Higher Education Should Embrace Big Data. Here’s Why.
It will come as no surprise to most observers of higher education that even pre-pandemic student numbers have been declining. The causes can be debated, but how colleges and universities address this problem is as varied as the number of institutions themselves. According to a recent article in Forbes, even after six years, less than 60% of students at four-year colleges have earned a bachelor’s degree. Additionally, three-quarters of college dropouts are first-generation college students. And more than two-thirds of college dropouts are low-income students. These issues, of course, are existential, but while some schools struggle with traditional solutions, others are embracing technology and Big Data tools like predictive analytics to solve the problem head on.
A student might be in an engineering curriculum and receive a C in a math course. This, we all know, is a passing grade, but it’s also a red flag for competency necessary in the higher math courses to come. In the past, the student would progress to the next math level and likely do even worse, but perhaps again—with a passing grade—be promoted to the next level. Predictive analytics allows the university to engage the student at the first sign of trouble, allowing for intervention.
Big Data isn’t limited to academic comprehension either. If a student is late on payments, their situation becomes precarious, and they are in danger of being dropped. Most universities have programs to address these situations, but if the administration cannot detect the problem, the student becomes at risk of dropping out. Big Data enables engagement at the earliest indication of trouble.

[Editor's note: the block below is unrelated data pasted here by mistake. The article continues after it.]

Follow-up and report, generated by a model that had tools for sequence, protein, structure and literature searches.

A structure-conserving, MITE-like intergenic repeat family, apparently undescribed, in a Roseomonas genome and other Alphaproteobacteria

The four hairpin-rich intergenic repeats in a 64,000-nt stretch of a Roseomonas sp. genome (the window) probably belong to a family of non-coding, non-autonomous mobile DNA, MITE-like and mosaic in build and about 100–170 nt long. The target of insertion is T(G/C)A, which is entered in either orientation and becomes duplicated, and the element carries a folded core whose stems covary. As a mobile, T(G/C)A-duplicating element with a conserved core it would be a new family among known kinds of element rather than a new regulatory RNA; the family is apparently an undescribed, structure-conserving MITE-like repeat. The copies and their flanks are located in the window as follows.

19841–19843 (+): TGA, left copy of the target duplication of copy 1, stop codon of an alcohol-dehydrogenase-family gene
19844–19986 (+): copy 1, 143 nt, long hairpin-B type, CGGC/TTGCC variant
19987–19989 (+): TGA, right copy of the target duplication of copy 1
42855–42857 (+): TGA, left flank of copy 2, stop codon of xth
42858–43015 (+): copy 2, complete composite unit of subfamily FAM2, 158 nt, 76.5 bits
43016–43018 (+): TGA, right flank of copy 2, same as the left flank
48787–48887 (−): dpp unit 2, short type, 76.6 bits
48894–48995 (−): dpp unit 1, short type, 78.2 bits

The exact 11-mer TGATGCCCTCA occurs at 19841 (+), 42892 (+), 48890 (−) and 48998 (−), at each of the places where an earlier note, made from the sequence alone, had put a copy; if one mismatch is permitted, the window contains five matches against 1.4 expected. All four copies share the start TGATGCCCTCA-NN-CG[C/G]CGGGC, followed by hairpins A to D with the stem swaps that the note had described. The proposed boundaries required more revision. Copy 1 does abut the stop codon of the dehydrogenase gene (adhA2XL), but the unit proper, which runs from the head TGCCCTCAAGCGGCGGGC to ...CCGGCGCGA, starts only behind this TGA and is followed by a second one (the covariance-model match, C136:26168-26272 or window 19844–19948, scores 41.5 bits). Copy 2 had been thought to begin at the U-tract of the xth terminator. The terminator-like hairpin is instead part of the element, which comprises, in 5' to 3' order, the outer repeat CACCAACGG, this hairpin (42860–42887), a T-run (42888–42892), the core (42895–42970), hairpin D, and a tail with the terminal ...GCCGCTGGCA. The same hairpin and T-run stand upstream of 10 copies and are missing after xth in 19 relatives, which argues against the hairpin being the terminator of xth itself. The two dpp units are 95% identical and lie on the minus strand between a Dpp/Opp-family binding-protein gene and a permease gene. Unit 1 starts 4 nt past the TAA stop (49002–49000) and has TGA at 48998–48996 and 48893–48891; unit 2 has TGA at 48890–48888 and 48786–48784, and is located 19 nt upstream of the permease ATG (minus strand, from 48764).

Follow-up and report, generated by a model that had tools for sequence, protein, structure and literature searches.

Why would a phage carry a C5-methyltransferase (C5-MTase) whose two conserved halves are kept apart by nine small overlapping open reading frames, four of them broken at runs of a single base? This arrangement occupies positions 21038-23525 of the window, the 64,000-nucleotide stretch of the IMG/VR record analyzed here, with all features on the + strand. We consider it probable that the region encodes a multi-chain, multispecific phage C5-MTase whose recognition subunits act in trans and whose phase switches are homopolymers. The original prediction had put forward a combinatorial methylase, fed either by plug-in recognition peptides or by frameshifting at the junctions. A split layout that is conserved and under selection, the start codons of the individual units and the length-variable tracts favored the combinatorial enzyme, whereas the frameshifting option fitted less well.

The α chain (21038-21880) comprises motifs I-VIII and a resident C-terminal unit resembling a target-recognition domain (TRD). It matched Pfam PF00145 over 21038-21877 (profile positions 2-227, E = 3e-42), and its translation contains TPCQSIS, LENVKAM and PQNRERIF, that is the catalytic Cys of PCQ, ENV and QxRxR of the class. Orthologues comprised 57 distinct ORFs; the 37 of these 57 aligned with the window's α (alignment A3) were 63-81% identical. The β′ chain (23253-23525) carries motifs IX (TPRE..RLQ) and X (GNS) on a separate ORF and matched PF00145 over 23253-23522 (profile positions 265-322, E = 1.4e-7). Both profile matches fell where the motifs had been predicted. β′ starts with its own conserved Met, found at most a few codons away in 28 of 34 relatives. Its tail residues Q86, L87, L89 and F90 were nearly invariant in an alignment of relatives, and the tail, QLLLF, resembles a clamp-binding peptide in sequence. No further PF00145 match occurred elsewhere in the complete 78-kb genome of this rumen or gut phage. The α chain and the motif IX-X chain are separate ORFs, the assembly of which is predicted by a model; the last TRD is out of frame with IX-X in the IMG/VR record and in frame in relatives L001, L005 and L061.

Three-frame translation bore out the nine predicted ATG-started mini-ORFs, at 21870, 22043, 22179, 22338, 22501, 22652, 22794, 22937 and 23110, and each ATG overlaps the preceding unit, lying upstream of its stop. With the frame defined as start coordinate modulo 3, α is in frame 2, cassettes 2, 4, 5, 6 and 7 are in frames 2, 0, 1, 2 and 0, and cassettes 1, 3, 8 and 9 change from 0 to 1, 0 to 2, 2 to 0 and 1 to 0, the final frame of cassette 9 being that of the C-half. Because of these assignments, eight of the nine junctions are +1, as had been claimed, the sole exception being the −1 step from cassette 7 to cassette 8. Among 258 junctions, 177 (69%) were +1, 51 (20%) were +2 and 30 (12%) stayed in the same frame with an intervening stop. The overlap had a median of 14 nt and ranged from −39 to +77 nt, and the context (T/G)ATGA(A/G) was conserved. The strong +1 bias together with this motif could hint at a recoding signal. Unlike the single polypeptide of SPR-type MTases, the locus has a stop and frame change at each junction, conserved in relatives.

Big Data provides for hundreds or thousands more data points of analysis than humans alone can detect. And every percentage of increased graduation rate correlates directly to an increase in revenue. Most universities have deep repositories of data through decades of accumulation from which to analyze solutions and draw conclusions. The outcome can help predict the future, identify micro-patterns and likely discover hundreds more hidden solutions than anticipated, bringing about cumulative successes that can more than offset the cost of the technology and tuition losses combined.
Universities need to commit to Big Data and utilize the capabilities in meaningful ways. Since offsetting dwindling student populations with new students is no longer viable, retention, then, becomes an effective tool that can counteract the losses. The trouble with some schools is that at the board or chancellor levels, skepticism and a lack of competency exist, and the recognition of the opportunity goes unrealized. But institutions that understand, embrace, and implement predictive analytics are seeing retention and graduation rates rise in ways that can make a meaningful difference.
Success can come in unexpected ways, too. Universities that use data analytics to apply solutions to sagging enrollment, graduation rates and engagement, find that using the technology disproportionately improves graduation rates of students of underserved backgrounds.
There are many ways in which technology can be used to augment university success and finding and engaging students is a big one. Instead of on-campus, in-person events, Big Data can be used to locate and convince students already online to enroll in university online classes from the comfort of their own homes—meeting the customer where the customer is.